“He is a paraiyar, we are kallar. With that feeling, you must go,” says a man on the audio WhatsApp message, adding, “You will definitely have to go, don’t compromise on this.” Paraiyars in Tamil Nadu are Dalits and Kallars consider themselves superior, above Dalits in the caste pyramid. This is a part of several such audio messages doing the rounds in Tamil Nadu, deepening caste divides and some even inciting violence.
This audio message is believed to have been released in August, after the Chief of VCK, a Dalit-based political party, Thol. Thirumavalan visited the village of Vadaseri in Thanjavur district for a party event. The speaker identifies himself as Punyamurthy from Dubai, and is encouraging his community members to participate in a protest against Thirumavalan’s visit to the village, lamenting the fact that he was not in town to attend the protest. The audio clipping, along with two other such clippings, have come to light following Sruthisagar Yamunan’s report in The Hindu on Monday.
“Today he came to Vadaseri, tomorrow he will come to our Kallar villages also. Thanjavur is Kallar territory, and today if Thirumavalan is working against one of our communities, then we should unite against him,” says Punyamurthy in the WhatsApp audio.
The sentiments behind the audio message are in line with the ground reality in Tamil Nadu. When Thirumavalan was on his way to visit the village in August, 12 men were arrested for conspiring to attack him with stones and beer bottles. In this case too, the police got a tipoff because the plans were being discussed on WhatsApp groups, according to media reports.
Such WhatsApp messages have become extremely popular among political and caste-based groups to incited hatred, disseminate information and mobilise support for campaigns, protests and even concerted physical attacks.
In yet another audio clipping which has emerged, a man who identifies himself has Senguttavan Vandayar says that it is to intimidate the Kallar community that the Dalits got Thirumavalavan to hold a party event in Vadaseri. He alleges that Thirumavalavan too is trying to incite hatred through his public events and encouraging people to marry outside their caste, and says that he must not be allowed to hold party events in the village. The same person, in another short WhatsApp audio broadcast, is asking everyone to come out on the streets on the way to Vadaseri, and says “let anything happen anywhere, but we must step out”. Caste-Hindu groups have often alleged and argued that Dalit groups too indulge in hate-speech.
Using WhatsApp messages for such activities is not new to Tamil Nadu. The News Minute has been consistently reporting on how a murder-accused, OBC-fringe-group leader Yuvaraj based in Namakkal has been using WhatsApp audio messages to incite his fringe-group and be in touch with them while he runs from the police. You can read about it here, and his subsequent audio messages here. In one of the messages, Yuvaraj had dismissed the murder of a Dalit boy Gokulraj as ‘no big deal’, and asked his community members to prepare for future battles.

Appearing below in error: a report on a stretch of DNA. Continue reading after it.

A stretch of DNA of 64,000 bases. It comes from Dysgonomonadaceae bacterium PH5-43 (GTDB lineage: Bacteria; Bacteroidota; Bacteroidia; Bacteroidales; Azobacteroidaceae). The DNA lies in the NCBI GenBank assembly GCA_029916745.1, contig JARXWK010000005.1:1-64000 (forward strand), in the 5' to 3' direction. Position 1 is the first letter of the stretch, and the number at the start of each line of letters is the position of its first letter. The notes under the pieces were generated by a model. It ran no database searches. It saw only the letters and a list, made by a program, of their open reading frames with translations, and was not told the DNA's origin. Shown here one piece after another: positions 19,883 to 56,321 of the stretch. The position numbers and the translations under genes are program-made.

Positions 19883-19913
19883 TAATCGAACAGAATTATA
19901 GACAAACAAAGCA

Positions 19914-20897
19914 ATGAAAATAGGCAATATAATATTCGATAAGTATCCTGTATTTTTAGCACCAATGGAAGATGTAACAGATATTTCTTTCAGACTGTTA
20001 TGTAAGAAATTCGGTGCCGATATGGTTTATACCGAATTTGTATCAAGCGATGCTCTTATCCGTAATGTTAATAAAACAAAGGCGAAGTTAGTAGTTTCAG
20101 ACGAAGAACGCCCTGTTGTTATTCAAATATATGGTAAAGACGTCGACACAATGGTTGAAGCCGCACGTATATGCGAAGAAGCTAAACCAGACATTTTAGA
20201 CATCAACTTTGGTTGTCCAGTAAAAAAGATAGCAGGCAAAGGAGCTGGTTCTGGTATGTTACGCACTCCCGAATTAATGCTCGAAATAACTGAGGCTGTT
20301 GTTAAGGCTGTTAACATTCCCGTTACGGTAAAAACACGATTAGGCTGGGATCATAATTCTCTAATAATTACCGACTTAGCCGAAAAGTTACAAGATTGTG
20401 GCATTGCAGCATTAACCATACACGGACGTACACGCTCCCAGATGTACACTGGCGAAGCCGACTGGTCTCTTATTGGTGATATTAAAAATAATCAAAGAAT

Even during the Muzzafarnagar riots in UP, in the run up to the 2014 elections, WhatsApp groups were used to incite the riots, according to the police.
The user-interface of WhatsApp has made it extremely easy and swift for groups to disseminate hate-messages. WhatsApp allows people to record audio messages and spread it among a select number of people. It is a targeted mass-broadcast. Moreover, since the message can be recorded, there is no need to type, which makes it even easier for users who are not adept at using smart-phones. At the push of the button, these passion-inciting messages are passed on to a select group of people, with the raw emotions in them intact.
But how easy is to control such hate-speech in messaging services?
It is a question with no easy answers, especially since any blanket ban on using WhatsApp or mobile internet is also seen as a serious breach of freedom of expression. Government surveillance of such WhatsApp groups is also on shaky grounds since such powers could be used to violate the privacy of users. High ranking intelligence officials have told The News Minute that the TN government has the wherewithal to track WhatsApp audios. “It is more difficult compared to the phone tapping since it is based on VoIP, but it can be done and it is being done,” said the senior officer, however adding that it is not possible to control the dissemination of such messages in real time. The police also say that action cannot be taken unless specific complaints are given.
VCK General Secretary Ravikumar says that action must be taken against those who spread such message if it is found that the hate-speech led to actual violence. “And in the view of the upcoming elections, we suspect that certain caste-based political parties will incite further violence to polarise people, and WhatsApp groups are going to be used increasingly,” he says.
Further, Ravikumar says that the government needs to be more proactive in such cases of hate speech. “India is a signatory of International Covenant on Civil and Political Rights, and it mandates that we have a law against hate speech, and it is about time we had one to book those who indulge in it,” he says.
It is also being suggested that to prevent the outbreak of violence based on such messages, the TN government should block mobile internet usage in the select violence-prone areas in Tamil Nadu when tempers rise.
Image courtesy: Source